BABINA Diagnostics

Providing Diagnostic Solutions

  
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FAQ - MRI

Q1. What is an MRI scan?
A.
“MRI,” which stands for “Magnetic Resonance Imaging,” is a non-invasive way to take pictures of the body. Unlike X-rays and CT Scans, which use radiation, MRI uses a powerful magnet and precisely programmed radio signals to “see” inside the body, beyond what an X-ray can see. MRI shows normal anatomic structures (brain, organs, blood vessels, etc.) as well as structural or chemical alteration of tissue by disease. With MRI, it is often possible to diagnose disease at a very early stage, before it is visible by other means. Because most diseases are better treated when found early, MRI scans are becoming increasingly useful.

Q2. Is it uncomfortable? Is it dangerous?
A.
An MRI exam causes no pain and is safe for most people. However, MRI cannot be performed on certain individuals, such as those who have cardiac pacemakers or certain other metal implants. If you have had any surgical implants, please discuss this with your doctor. With technological advances though, today most surgical implants are MRI compatible so one need not worry about the same.

Q3. How is it performed?
A.
In the MRI suite you will be asked to lie on a narrow, movable table that will gradually slide you through the circular bore of a large, doughnut-shaped magnet. You should get comfortable because it is very important that you do not move during the scan. If you have a fear of confined spaces (claustrophobia), you are advised to tell the doctor before the exam. MRI procedures differ depending on your medical problem and the part of your body being studied. The radiologist plans an examination that is best suited for you. For example, if we are studying your abdomen, we will examine from your lower chest down to the upper pelvis, producing several series of images. During such a study, expect the machine to make loud noises, the tables to move occasionally, and the technologist to instruct you about your breathing. Certain tests require that a special dye (contrast) to be given before the test to enhance the MRI images and to facilitate the radiologist to visualize diseased tissues more clearly. The contrast is usually administered through an intravenous line (IV) in your hand or forearm. Side effects are rare. Anyone who has had recent surgery with surgical staples needs to be able to communicate with the technicians to tell us if there are any burning sensations. Anyone with a reprogrammable shunt must have the shunt reprogrammed after the MRI. And anyone with the possibility of having metal in their eyes (for example, one who does metal work as a career may have tiny bits of metal in the eyes that can be affected by the MRI), should have an ORBITS (x-ray of the eye) to rule out foreign bodies. Remember, each examination is tailored to individual requirements. Additional pictures are usually taken after the first series is completed.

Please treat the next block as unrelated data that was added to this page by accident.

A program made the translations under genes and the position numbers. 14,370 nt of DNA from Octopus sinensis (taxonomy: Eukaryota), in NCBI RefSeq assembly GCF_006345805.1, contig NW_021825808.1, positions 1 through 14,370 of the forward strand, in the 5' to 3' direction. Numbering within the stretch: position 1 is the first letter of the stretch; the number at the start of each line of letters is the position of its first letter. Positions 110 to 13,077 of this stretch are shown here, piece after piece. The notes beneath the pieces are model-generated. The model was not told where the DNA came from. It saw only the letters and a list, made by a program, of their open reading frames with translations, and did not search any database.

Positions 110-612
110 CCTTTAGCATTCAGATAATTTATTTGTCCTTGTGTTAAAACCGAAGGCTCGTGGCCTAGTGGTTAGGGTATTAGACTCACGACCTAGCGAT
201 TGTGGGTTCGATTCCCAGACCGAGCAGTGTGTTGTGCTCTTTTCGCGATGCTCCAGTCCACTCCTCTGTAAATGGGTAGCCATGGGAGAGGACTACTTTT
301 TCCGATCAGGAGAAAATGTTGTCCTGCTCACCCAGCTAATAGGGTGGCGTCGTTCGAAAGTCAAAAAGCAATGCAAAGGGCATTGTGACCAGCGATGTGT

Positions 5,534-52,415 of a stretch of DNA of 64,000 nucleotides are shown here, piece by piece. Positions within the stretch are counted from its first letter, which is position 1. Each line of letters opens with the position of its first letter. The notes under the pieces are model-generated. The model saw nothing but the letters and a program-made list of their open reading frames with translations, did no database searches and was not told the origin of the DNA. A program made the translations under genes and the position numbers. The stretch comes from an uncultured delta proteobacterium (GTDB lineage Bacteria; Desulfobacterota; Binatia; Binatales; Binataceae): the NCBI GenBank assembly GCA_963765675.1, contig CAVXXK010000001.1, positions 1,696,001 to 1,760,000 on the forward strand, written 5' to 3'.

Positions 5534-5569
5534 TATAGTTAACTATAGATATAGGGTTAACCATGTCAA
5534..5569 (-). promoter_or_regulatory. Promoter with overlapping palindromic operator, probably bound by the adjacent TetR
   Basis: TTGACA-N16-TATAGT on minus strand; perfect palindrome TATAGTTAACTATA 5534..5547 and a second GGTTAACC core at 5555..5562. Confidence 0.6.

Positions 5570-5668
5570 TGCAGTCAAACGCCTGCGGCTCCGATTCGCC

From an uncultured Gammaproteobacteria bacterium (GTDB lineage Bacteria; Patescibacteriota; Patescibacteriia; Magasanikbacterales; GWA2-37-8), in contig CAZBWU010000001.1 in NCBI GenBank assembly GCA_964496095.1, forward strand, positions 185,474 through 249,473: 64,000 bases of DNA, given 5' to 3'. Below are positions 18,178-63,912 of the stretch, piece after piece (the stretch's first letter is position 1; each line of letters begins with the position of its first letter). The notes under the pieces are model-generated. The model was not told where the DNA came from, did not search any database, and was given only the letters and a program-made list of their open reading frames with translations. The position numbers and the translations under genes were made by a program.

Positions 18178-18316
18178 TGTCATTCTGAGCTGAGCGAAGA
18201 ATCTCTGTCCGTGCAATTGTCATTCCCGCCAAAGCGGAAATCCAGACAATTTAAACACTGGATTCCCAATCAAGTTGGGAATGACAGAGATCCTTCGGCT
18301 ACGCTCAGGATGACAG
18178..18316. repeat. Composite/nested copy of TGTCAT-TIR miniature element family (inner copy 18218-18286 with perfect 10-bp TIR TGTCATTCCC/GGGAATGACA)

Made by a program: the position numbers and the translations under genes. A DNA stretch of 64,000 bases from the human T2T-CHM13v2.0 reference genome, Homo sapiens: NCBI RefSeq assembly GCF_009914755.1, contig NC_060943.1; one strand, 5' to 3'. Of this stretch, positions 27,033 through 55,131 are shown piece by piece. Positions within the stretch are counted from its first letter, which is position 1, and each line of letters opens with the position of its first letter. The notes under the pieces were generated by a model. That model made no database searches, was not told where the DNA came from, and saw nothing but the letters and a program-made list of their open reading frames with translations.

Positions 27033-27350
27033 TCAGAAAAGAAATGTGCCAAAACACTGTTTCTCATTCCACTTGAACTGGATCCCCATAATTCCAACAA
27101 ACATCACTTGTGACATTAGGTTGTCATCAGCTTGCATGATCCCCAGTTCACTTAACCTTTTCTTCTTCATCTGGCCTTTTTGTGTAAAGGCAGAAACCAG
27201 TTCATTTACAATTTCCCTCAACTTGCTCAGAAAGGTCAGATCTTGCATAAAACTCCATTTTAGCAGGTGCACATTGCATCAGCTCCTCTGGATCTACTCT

Q4. How long does the procedure take?
A.
An MRI scan typically takes from 30 to 60 minutes to complete. However the time differs depending on the type of MRI being done.

Q5. What happens after the scan?
A.
Once enough information has been collected, you can leave and go about your normal activities without restriction.

Q6. When do I get the results?
A.